First step toward freedom is `deciding' to break out of poverty. Monitor reporter sums up his observations on plight of poor
Atlanta — Jobs -- private or public -- are the poverty solution most often talked about by analysts and the poor themselves during interviews for this series. Some would tie stronger work requirements to the receipt of welfare, but guarantee work of some kind to be available.
Others suggest gradually eliminating all welfare and other support programs for the working-age poor except unemployment compensation. Poverty not a hopeless situation
Those interviewed do not shrug and say nothing will work. Rather, there generally seems to be a healthy and lively debate over just what steps are most effective.
Here are some observations from interviews in South Carolina, Florida, Alabama, and Virginia with the poor, the previously poor, and those helping to fight poverty.
Poverty is still a daily way of life for many Americans. The census bureau estimates that 35 million Americans live below the poverty line. From the small Alabama farmer with a few acres of horse-plowed land to the elderly South Carolina couple who received indoor plumbing only in 1973, making do is a constant challenge.
Even with an improving economy, poverty rates remain high.
The poor are not facing their struggles without hope or faith that things will get better. ``I'm hoping things will be better in my life,'' says Annie Mae Cooper, a churchgoing elderly black woman in Beaufort County, S.C. And there is pride: pride that leads some to work for low wages and not accept welfare; pride also that prevents some rural Alabama families living in shacks from accepting an offer of free hogs or cattle to improve their income.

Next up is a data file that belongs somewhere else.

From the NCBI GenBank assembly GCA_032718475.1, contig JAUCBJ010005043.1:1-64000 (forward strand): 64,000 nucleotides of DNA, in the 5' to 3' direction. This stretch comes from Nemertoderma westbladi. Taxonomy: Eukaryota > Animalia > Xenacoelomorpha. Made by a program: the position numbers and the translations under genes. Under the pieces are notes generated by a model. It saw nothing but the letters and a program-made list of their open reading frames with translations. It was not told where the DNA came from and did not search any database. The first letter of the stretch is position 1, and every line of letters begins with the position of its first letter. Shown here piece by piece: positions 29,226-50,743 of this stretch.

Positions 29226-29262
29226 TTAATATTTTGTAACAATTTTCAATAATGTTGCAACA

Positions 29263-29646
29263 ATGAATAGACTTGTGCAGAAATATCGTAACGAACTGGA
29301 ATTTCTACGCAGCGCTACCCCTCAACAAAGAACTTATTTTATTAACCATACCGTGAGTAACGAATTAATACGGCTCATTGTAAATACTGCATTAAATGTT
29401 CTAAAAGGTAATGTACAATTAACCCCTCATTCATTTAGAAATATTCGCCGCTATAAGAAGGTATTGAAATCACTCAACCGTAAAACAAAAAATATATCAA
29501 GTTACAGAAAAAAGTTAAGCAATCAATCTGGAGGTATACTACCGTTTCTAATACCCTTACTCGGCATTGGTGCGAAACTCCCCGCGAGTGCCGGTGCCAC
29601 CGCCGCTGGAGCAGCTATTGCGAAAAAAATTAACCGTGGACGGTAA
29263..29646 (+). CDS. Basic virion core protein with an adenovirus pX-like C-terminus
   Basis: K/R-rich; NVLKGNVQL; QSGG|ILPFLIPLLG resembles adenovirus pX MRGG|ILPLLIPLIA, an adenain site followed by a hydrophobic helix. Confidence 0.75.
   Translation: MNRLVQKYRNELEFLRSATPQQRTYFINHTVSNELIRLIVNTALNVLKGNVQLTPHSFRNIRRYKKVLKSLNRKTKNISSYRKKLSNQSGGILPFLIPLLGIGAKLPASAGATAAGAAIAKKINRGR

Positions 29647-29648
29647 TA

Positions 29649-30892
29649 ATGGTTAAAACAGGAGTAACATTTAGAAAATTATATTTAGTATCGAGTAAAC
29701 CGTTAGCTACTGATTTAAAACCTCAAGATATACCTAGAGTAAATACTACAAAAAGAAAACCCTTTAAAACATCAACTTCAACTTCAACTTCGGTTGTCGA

There are ways to close the gap between the jobless seeking jobs and employers seeking employees. Federal job training for the poor is beginning to show some results. More than half to two-thirds of such trainees are being hired. But no one knows how long people keep the jobs beyond one day or if they would have found jobs on their own. Federal job-training law requires no follow-up research to find out.
Those not ready for job training are not getting the remedial education and job preparation they need. The federal job-training data show lack of effort in this area.
Regardless of how ready someone is to move ahead, the starting point is the individual's decision to do something about being poor, say Ted Edlich, a former minister who runs an anti-poverty program in Roanoke, Va. ``The majority [of the poor] have a burning desire to do well.''
Those aided by Mr. Edlich's program said staff members there encouraged them to keep up the fight when they were discouraged. ``They gave me a chance,'' says Jeane Paige, once helped by the Roanoke program and now employed by it. Expert views at opposite poles
Drastically different views of what the federal role should be in combating poverty exist among experts on the subject.
Author Charles Murray, in his controversial book, ``Losing Ground,'' suggests gradually eliminating all welfare and other support programs for the working-age poor except unemployment compensation. No more food stamps, medicaid, subsidized housing, or aid to families with dependent children. Such programs are discouraging people from working he says.
If he were to revise his book, Mr. Murray said in a telephone interview with the Monitor, he would put in capital letters the sentence in his final chapter that reads: ``Reforms should be undertaken carefully and slowly, and often not at all.''